Australia says 'no' to amended international telecommunications regulations

Conroy claims they could change the way the Internet operates

Australia will not sign a revised international telecommunications treaty, as it has the potential to fundamentally change the way the internet operates, according to the Minister for Broadband, Communications, and the Digital Economy, Senator Stephen Conroy.

Over the past two weeks, the World Conference on International Telecommunications (WCIT) has been considering amendments to the International Telecommunications Regulations (ITRs). Some of these amendments sought to extend the ITRs to include internet governance.

“It is greatly disappointing that a consensus could not be reached,” Senator Conroy said in a statement. “Australia worked hard to develop suitable text for the ITRs that would have been acceptable to every Member State. Unfortunately, this was not achieved.

“Australia’s consistent position has been that the Internet should not be included in the ITRs. This is a point on which we would not compromise.

“Australia does not support any changes that would undermine the current multi-stakeholder model for internet governance or fundamentally change the way the internet operates.

“Australia believes that the approach taken by the Internet Corporation for Assigned Numbers and Names (ICANN), which has input from industry stakeholders, governments and the public, remains the best way to sustain the internet’s growth and innovation."

Conroy said it remains Australia’s view that for the ITRs to be enduring and useful they should focus on the interconnection of international telecommunication networks. However, he underscored that the decision not to sign the ITRs did not mean that Australia was stepping back from its engagement with the International Telecommunication Union (ITU). “The ITU does great work in connecting the world and we greatly value the ITU’s capacity building work in the Asia-Pacific region and the rest of the world. We are proud to be part of that work."

The US, UK and Canadian delegations to the meeting also decided not to ratify the resolution because regulations will include provisions on Internet governance and content.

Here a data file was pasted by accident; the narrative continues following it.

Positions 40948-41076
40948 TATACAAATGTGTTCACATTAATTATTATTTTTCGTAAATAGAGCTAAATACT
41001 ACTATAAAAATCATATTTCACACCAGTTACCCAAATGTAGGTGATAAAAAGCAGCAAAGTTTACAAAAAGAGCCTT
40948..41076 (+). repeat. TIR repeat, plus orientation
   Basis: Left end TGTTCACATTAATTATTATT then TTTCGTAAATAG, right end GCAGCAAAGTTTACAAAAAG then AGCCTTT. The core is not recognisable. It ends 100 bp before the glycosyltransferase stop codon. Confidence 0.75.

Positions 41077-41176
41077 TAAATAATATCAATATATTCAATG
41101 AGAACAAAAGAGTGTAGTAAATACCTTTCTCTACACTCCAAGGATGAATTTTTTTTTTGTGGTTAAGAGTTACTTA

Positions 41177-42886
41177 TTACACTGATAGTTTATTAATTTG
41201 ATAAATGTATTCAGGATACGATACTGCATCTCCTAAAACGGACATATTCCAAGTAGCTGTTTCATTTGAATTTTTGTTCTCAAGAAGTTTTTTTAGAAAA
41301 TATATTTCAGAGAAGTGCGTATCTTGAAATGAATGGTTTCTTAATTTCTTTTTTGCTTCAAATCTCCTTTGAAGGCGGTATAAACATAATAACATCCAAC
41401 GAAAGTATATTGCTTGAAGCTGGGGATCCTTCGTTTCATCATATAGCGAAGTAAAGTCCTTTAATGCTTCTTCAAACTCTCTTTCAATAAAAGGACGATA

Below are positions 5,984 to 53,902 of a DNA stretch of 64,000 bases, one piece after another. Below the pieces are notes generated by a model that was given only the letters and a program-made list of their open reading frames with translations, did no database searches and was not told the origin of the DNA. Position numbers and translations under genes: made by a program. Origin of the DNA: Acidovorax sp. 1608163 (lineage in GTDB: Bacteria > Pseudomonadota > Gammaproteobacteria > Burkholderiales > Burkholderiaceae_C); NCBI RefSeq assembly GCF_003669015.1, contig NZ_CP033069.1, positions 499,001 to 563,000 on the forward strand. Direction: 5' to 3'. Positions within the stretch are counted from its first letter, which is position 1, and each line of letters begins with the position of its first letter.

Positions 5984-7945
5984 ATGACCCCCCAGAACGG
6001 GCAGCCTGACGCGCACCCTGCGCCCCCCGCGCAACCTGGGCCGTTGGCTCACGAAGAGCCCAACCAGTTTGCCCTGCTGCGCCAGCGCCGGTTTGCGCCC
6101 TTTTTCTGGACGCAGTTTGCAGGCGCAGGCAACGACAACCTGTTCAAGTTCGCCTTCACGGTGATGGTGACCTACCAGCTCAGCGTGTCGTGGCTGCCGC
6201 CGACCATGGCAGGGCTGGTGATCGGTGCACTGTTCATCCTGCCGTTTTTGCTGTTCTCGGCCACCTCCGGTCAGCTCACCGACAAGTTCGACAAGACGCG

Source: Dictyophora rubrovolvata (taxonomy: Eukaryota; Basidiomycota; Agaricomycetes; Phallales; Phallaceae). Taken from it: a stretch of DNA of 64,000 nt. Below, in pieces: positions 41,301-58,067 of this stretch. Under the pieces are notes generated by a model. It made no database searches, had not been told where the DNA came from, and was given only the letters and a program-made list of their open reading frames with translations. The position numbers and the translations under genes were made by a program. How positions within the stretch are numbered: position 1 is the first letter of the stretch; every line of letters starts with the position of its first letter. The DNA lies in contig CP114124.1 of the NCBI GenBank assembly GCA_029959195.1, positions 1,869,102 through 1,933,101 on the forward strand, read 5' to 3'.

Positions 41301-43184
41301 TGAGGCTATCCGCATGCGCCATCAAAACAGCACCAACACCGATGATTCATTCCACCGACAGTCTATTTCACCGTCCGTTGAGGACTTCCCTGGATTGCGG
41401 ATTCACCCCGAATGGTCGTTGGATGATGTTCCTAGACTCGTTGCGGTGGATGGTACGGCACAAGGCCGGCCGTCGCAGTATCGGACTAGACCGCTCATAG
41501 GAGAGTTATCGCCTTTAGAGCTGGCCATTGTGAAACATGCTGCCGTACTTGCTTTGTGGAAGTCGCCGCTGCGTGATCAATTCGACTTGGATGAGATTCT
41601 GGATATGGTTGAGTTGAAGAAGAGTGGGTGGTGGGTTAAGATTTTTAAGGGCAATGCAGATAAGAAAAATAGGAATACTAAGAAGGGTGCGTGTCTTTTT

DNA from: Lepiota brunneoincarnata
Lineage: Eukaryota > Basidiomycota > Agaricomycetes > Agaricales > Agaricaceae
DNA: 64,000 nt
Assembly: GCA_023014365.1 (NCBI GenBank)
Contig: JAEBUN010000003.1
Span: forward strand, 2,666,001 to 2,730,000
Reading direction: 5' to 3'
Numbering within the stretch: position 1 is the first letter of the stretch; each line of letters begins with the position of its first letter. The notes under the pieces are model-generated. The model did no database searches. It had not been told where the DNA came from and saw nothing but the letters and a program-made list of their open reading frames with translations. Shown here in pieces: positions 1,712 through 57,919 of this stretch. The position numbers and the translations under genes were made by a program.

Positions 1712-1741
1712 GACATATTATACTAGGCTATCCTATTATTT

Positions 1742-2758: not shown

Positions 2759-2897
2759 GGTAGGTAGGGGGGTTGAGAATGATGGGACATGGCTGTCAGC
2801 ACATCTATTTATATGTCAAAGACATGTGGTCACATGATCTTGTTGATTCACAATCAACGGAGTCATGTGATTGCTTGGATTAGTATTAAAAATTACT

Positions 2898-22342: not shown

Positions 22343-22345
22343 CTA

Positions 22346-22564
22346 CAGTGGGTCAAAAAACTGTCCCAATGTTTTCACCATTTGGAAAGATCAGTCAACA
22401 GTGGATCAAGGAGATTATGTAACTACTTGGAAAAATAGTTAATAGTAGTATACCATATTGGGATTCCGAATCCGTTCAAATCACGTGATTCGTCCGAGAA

Several other countries, including Kenya, Sweden, Poland, the Netherlands and New Zealand, indicated late on Thursday they would not sign the document or take partial reservations, said Terry Kramer, the head of the US delegation to WCIT.

The resolution, to be signed Friday, will likely include language that would allow governments to get involved in Internet governance, a provision on fighting spam and a provision on fighting cybersecurity, among other issues, Kramer said during a press conference.

Some WCIT observers have also raised concerns that many countries could use the resolution as a model for regulation of the Internet.

Negotiations during the two-week conference began to sour late Wednesday, when countries began backing away from text they had already agreed to and WCIT Chairman Mohamed Nasser Al-Ghanim called for a show of hands to "take the temperature" of the room.

He then declared that a majority was in favor of a resolution including the Internet in the WCIT regulations, in addition to traditional telecom services, a position the U.S. and its allies had opposed.

Several organisations, including the Internet Society and the Computer and Communications Industry Association (CCIA), also raised objections, saying the Internet provisions were included contrary to assurances from ITU Secretary General Hamadoun Touré that the treaty was not about the Internet.

The international telecommunication regulations have not been updated since 1988.

Grant Gross and Jennifer Baker contributed to this story

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Tags international telecommunications treatyWorld Conference on International Telecommunications (WCIT)Senator Stephen ConroyinternetTelecommunicationsInternational Telecommunications Regulations (ITRs)

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